Over the past five to seven years, I’ve given a ton of thought as to what a defense must do to stop a spread offensive scheme. And, let’s make no mistake, Michigan is still at its best offensively when it’s running its base spread offense. So, how does Virginia Tech go about stopping it? Well, to me, it starts at the second level, which is typically the linebacker level. And, it’s at that position where the Virginia Tech defense has struggled keeping capable and productive players healthy this season. Tariq Edwards and Jack Tyler, the two that’ll start at two of those spots, are capable, I suppose, but when forced to play out in space to truly stop the spread, they’re not the right fit as evidenced by what’s happened against Clemson in two losses to the spread offense-running Tigers.
But, peep the depth chart for Virginia Tech at the third linebacker spot and you’ll see exactly how the Hokies plan on playing Tuesday night’s game – Alonzo Tweedy or Kyle Fuller. Safeties. More and more team are getting five and six DBs out on the field because they don’t have linebackers who can match the offensive skill guys step for step out in space. And, that’s where a spread team gets hurt – 2nd level players who can get to the perimeter and match speedy ballcarriers step for step (think LSU and Alabama for a second).
However, the problem for Virginia Tech is that Michigan can go to its power game or inside zone running game with diminutive Fitzgerald Toussaint if the Hokies go “too small”. As such, the biggest key in this game is for Virginia Tech to “win” at its defensive second level. If not, it can kiss this one goodbye.
Most casual observers and even most hard-core college football fans that have any knowledge of Virginia Tech football know all about the two star receivers for the Hokies – Jarrett Boykin and Danny Coale. These two have started for the past three years and have a combined 109 catches on the season. But, the biggest weapon, figuratively and literally, that the Hokies can deploy on Tuesday night is number three receiver Marcus Davis.
At 6’4 and 228 pounds, he’s a beast and he’s improving more and more at the receiver position. Big receivers are never a great matchup, but when that receiver is the third option, most times, it can be even trickier. Michigan CB J.T Floydwill probably draw the assignment on Boykin, while Blake Countesswill see plenty of Coale, I’d assume. But, how does Michigan match up with Davis when he comes into the game, either as a replacement to Boykin or Coale or in conjunction with those two? From a body type standpoint, he’s similar to Notre Dame receiver Michael Floyd and we all know the issues he put the Michigan secondary through earlier this season. Keep an eye on someone you don’t know – #7 Marcus Davis – and see if he gets “lucky” tonight.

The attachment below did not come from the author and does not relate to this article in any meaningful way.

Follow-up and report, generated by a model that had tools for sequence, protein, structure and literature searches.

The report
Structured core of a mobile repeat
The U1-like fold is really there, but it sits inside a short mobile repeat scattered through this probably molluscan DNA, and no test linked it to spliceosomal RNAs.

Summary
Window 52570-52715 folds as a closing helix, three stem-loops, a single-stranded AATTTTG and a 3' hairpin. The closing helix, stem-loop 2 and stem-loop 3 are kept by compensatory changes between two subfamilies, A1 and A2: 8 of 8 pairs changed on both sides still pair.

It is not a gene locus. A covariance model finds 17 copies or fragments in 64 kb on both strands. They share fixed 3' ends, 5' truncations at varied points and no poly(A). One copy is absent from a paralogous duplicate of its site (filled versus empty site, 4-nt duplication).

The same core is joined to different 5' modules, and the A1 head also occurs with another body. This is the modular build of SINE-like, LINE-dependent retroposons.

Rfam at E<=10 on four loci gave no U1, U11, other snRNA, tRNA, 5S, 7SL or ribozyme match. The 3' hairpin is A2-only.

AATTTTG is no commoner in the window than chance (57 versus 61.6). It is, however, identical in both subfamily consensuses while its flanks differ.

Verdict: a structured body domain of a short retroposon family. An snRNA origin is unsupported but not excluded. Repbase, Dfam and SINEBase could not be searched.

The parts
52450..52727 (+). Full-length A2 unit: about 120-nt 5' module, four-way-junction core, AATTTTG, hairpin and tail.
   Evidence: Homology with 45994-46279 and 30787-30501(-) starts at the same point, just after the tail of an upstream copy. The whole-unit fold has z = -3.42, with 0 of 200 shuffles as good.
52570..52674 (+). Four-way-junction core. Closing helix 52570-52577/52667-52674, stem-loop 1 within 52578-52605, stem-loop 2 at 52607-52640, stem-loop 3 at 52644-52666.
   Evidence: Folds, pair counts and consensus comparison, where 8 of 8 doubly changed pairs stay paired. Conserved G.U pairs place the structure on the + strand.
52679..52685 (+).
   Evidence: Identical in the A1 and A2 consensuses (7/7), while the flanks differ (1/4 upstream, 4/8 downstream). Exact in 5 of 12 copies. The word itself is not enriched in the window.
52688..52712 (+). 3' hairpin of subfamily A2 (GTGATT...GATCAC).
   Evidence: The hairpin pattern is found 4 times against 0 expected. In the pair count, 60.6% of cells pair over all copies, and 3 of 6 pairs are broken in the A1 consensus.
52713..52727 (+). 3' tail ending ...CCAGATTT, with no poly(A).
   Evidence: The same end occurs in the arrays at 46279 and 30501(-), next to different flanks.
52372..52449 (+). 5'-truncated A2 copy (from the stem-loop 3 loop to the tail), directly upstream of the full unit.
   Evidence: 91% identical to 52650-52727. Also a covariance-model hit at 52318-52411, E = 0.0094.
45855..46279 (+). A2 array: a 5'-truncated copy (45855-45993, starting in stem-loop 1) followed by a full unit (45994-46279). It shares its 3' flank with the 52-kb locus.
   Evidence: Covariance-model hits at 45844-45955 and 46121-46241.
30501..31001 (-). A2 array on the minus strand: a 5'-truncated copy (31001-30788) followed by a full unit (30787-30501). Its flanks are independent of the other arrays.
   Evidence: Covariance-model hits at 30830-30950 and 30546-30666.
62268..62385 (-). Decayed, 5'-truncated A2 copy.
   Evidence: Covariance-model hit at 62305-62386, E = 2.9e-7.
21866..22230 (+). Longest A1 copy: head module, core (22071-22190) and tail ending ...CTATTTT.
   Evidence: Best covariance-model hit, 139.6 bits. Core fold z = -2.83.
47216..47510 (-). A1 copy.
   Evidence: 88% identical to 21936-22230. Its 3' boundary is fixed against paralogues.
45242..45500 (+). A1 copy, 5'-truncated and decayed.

Somewhere I’m hearing the Martin Lawrence sitcom theme song in my head when thinking about Michigan DT Mike Martin. I’ve been a fan of the former wrestling champion for quite some time and it’s being a wrestling champion that serves him well tangling with the big boys up front in the Big Ten. Now, the Hokies offensive line will hit teams in the face, but if it doesn’t account properly for #68 in the middle, the Hokies run game balance will be thrown off kilter.
Martin’s 6’1” stature makes it tough to double him, but Michigan loves to move him around – as a 3 technique, as a shade nose, as a true nose in some 3 man fronts and even in some instances out to DE on occasion. No matter where he lines up, Virginia Tech must neutralize him at the point of attack. It’s hard to run away from him as he’s cat quick and it’s very difficult to cut him on the backside because of his feet and leverage. Teams that have had success running the football have done so running right at the Wolverines and sending body after body up through the A and B gaps and hoping enough bodies can create a sliver of space. Virginia Tech RB David Wilson just needs a small sliver, but he’ll also meet #68 in there as well.
I’ve thought and re-thought this one since my confidence picks and it’s the only one that I’ve reversed course on. Although it’s Michigan first time in a while on the big stage, I’m not sure that Virginia Tech will be able to handle that offensive potency on the Superdome turf. As much as I feel like Virginia Tech QB Logan Thomas is due to rebound from a rough ACC Championship game loss, I just don’t see Virginia Tech keeping Michigan’s offense out of the end zone with the pressure that Robinson will put on them throughout this game.
I think the ultimate X factor in this one is going to be the Michigan WR – Junior Hemingway, Jeremy Gallon and Roy Roundtree. It’s an underrated bunch that I love and that also has the game-breaking ability to truly stretch the Virginia Tech defense to its limits, especially the big, physical Hemingway. The maize and blue will be singing Hail to the Victors after this one is over.